People First: Q&A with Dr. Shahab Nazariadli
Wednesday, August 01, 2018, 4pm by visitRaleigh
In our “Putting People First” post, we introduced North Carolina State University’s Department of Parks, Recreation and Tourism Management and People-First Tourism (P1t), Inc., the first tech-based social startup to spin off from N.C. State. The university’s spinoff and its P1tLab are leading one of the world’s most innovative efforts to foster experiential tourism environments.
For this post, we interviewed Dr. Shahab Nazariadli, a May graduate of N.C. State who worked at the P1tLab from 2014 to 2018, discussing these tourism innovations that are emerging in our own backyard as well as a few broader concepts of equitable/sustainable tourism.
What is the P1tLab? Is it an actual place, a group of likeminded people, a bigger network?
P1tLab is a global network of teams of scholars pursuing research on tourism microentrepreneurship through Participatory Action Research. P1tLab is a product of North Carolina State University, Department of Parks, Recreation and Tourism Management. P1tLab at N.C. State leverages the work and insight of an eclectic group of committed faculty and students from a global network of university tourism programs (e.g., Ritsumeikan Asia Pacific University in Japan and The University of South Pacific in Fiji) pursuing related but independent research agendas. The project also involves the endorsement, expertise and work of partners in target communities. We share our endorsement of the P1t Manifesto, we share our commitment to Participatory Action Research best practices, and we collaborate on writing technical publications and funding proposals.
Why did you choose N.C. State and the P1t program for your studies? How are they different from other academic settings?
I had my background in architecture and landscape architecture; despite being proficient in architectural design, diagraming and rendering, I knew I was missing insights of human behavior and the social sciences. Stemming from my master’s thesis research and the design of an open-air museum (i.e., museum without walls), I started challenging myself to architect for people and the good of communities rather than practicing mastery of design skills and sculpturing. Next, I began networking through the Tourism Research Information Network (TRINET), getting advice from tourism academics around the world as well as becoming updated about the most advanced trends and dialogues in tourism. By receiving advice from a couple of academics in the TRINET, I became acquainted with the P1t project at N.C. State, as a singular project that puts people first and at the core of their decision-making.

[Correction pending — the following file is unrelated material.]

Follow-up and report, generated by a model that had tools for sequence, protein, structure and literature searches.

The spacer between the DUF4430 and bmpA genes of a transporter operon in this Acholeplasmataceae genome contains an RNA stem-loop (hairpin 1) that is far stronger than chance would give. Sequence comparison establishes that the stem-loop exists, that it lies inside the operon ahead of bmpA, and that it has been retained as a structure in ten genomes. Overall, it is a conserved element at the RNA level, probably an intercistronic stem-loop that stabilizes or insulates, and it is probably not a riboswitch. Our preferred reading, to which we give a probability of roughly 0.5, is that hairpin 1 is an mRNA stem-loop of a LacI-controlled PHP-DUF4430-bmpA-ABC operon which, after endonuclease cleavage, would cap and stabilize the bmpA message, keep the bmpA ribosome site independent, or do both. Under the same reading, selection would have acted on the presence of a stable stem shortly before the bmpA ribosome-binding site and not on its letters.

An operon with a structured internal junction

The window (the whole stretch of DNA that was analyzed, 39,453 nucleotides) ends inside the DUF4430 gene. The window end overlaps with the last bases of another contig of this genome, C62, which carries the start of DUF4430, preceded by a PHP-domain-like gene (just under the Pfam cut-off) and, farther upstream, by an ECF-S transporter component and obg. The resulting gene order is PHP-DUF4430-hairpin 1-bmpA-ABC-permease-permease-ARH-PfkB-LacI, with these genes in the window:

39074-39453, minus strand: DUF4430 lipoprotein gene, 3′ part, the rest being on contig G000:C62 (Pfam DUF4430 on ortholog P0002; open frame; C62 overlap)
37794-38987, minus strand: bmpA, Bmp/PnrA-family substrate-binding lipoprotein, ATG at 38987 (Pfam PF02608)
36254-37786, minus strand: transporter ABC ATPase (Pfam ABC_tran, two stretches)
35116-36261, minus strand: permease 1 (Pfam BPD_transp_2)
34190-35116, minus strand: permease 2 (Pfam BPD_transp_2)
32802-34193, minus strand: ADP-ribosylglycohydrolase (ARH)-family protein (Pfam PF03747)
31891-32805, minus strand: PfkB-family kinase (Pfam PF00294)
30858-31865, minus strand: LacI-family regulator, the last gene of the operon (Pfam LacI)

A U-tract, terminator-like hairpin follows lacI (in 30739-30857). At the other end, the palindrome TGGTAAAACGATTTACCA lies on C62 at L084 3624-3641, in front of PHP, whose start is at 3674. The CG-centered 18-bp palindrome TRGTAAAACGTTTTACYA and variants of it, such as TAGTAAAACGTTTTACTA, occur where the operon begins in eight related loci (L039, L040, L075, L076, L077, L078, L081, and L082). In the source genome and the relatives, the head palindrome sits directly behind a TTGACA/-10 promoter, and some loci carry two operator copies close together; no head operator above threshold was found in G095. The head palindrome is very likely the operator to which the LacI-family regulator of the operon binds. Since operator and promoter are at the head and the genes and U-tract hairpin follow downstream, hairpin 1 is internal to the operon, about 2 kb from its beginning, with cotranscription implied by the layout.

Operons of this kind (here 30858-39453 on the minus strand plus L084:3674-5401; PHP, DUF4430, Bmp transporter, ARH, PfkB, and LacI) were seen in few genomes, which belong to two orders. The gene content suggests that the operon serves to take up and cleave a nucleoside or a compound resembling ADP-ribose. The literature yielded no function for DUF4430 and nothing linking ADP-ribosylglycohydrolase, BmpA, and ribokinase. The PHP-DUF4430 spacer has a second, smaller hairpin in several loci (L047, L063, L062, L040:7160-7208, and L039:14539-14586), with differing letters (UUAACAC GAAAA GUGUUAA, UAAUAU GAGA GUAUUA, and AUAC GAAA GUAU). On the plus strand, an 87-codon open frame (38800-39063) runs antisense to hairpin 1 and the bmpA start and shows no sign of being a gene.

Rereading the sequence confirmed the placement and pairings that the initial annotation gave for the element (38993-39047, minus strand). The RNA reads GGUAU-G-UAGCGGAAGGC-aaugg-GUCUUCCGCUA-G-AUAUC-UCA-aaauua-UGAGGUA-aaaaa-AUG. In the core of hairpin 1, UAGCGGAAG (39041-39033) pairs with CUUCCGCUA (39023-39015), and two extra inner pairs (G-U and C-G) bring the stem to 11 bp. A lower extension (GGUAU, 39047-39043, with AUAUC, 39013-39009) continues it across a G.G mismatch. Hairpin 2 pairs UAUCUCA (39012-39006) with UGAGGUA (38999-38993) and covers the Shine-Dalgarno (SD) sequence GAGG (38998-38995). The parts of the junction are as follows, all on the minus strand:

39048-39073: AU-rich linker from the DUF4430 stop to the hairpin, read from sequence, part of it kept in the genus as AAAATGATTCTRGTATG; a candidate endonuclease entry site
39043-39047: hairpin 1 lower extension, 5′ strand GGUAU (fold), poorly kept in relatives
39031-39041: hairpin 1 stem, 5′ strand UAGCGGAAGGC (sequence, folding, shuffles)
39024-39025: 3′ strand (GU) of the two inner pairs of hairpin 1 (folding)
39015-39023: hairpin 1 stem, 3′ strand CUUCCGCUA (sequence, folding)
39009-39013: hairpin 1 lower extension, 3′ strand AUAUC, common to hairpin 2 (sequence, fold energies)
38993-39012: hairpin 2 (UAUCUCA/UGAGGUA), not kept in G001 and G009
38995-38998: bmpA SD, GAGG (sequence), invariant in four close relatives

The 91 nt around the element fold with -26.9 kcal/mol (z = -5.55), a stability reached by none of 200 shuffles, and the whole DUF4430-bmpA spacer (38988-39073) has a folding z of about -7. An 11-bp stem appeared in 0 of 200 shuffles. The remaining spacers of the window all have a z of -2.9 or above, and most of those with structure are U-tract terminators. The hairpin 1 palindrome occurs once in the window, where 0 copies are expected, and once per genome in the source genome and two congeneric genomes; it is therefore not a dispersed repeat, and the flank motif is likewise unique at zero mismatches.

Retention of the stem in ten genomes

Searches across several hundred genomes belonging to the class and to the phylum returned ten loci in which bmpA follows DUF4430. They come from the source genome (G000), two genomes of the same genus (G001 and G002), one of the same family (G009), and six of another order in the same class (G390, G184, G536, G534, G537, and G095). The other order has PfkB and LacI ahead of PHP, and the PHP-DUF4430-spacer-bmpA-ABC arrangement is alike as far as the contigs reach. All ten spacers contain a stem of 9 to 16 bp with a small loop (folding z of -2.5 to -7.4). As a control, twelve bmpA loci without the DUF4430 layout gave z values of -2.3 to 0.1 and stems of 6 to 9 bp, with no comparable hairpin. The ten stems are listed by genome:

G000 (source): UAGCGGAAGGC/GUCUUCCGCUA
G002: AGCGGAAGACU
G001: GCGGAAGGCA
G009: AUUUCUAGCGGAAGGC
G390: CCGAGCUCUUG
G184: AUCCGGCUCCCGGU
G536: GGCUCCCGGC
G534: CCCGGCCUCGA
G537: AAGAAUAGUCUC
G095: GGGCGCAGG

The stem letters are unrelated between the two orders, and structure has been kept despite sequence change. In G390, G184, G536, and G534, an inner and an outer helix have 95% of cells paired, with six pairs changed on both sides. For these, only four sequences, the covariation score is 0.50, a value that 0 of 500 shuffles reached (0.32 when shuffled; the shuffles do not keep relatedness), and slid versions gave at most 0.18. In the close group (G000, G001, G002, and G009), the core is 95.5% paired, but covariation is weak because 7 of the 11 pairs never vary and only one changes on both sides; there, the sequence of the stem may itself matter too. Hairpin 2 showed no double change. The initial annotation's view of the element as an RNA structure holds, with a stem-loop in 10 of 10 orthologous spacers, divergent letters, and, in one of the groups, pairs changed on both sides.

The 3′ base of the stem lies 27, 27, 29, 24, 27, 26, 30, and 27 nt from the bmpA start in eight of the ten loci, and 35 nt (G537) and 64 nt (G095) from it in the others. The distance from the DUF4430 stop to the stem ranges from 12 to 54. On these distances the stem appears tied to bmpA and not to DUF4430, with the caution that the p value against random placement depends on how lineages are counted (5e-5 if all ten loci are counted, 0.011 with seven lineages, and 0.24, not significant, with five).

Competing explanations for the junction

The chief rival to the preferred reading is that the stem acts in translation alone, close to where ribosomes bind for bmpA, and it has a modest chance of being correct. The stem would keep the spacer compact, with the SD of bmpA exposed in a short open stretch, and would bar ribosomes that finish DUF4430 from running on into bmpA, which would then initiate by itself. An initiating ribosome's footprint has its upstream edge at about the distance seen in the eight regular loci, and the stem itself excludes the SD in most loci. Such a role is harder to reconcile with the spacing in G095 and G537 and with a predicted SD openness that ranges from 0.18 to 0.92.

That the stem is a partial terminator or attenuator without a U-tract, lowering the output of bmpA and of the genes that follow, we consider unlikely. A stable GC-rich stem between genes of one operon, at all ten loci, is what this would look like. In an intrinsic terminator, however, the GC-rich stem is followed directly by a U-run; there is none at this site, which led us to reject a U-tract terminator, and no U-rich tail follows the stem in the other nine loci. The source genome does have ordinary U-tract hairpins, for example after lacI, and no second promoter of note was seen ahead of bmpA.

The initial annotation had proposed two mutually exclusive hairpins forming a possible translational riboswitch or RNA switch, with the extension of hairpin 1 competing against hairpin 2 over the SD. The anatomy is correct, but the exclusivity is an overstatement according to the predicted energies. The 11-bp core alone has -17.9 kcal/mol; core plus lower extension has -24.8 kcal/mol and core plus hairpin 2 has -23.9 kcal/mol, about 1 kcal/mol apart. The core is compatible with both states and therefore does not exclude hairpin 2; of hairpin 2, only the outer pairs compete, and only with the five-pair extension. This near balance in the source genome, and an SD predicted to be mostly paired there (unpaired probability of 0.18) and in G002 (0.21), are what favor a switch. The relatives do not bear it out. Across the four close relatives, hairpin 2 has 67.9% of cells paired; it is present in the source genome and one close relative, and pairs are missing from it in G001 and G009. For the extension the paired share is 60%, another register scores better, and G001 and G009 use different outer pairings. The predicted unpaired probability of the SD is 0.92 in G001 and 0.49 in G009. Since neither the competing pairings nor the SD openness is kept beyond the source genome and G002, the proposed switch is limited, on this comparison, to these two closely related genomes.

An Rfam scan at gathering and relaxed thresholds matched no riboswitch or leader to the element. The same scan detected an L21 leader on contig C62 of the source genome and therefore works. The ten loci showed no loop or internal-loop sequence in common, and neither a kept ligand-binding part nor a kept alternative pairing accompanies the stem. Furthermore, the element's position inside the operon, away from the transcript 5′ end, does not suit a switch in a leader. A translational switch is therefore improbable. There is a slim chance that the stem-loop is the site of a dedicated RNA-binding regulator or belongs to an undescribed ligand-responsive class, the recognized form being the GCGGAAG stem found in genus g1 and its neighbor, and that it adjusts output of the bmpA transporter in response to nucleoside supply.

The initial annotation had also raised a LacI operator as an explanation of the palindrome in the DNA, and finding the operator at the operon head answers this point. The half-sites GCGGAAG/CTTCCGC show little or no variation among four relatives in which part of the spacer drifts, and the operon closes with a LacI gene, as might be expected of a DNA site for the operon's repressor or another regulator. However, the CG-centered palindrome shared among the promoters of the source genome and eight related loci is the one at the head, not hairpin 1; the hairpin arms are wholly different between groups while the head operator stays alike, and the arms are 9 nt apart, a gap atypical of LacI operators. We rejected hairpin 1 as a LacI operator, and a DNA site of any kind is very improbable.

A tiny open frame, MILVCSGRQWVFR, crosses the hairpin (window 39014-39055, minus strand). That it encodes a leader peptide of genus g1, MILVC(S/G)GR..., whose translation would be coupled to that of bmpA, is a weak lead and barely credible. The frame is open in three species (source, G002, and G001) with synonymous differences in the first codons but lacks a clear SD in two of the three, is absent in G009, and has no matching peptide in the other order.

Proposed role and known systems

Dr. Morais, the founder of the P1tLab, believed in the transfer of knowledge into practice, which elevates equitable and sustainable tourism in under-resourced communities. This vision and the close partnership with local agents and record of positive impacts upon local communities nicely intersected my philosophy of altruism and academic needs. This is how I found my second home at the P1tLab and found myself collaborating with a couple of highly passionate and devoted researchers at N.C. State.
What were your own research interests when pursuing your doctorate here? What tools do you use to research our area?
My research interests hover around tourism microentrepreneurship, rural tourism, urban tourism, architecture and tourism and application of visual research methods in tourism. I assume my inclination in leveraging visual prompts in research was twofold: my better understanding of the world through visuals, as well as the central role of visuals in tourism promotion and developments. Nowadays, with the advancement of technology, new research tools are being introduced into the research market, not only accelerating the research process but also escalating its validity and reliability. For example, I created the Visual Q Method (VQMethod) online research tool in Dec. 2017, which has become a pioneer website in video and audio and image sorting methods. This tool has been massively used and has grown organically through its use by product developers and researchers around the world.
Another tool I utilized was immersive virtual reality (IVR) to envelop research informants in simulated environments and elicit close-to-real responses. In one instance, I brought the IVR equipment (consisting of goggles and an Xbox controller) to the Midtown Farmers Market, asking volunteer visitors to click on elements of agricultural environments which seemed appealing to them. That experience was highly rewarding and uncommon, by setting up the lab conditions in a farmers’ market setting and approaching people instead of bringing them into an experiment lab.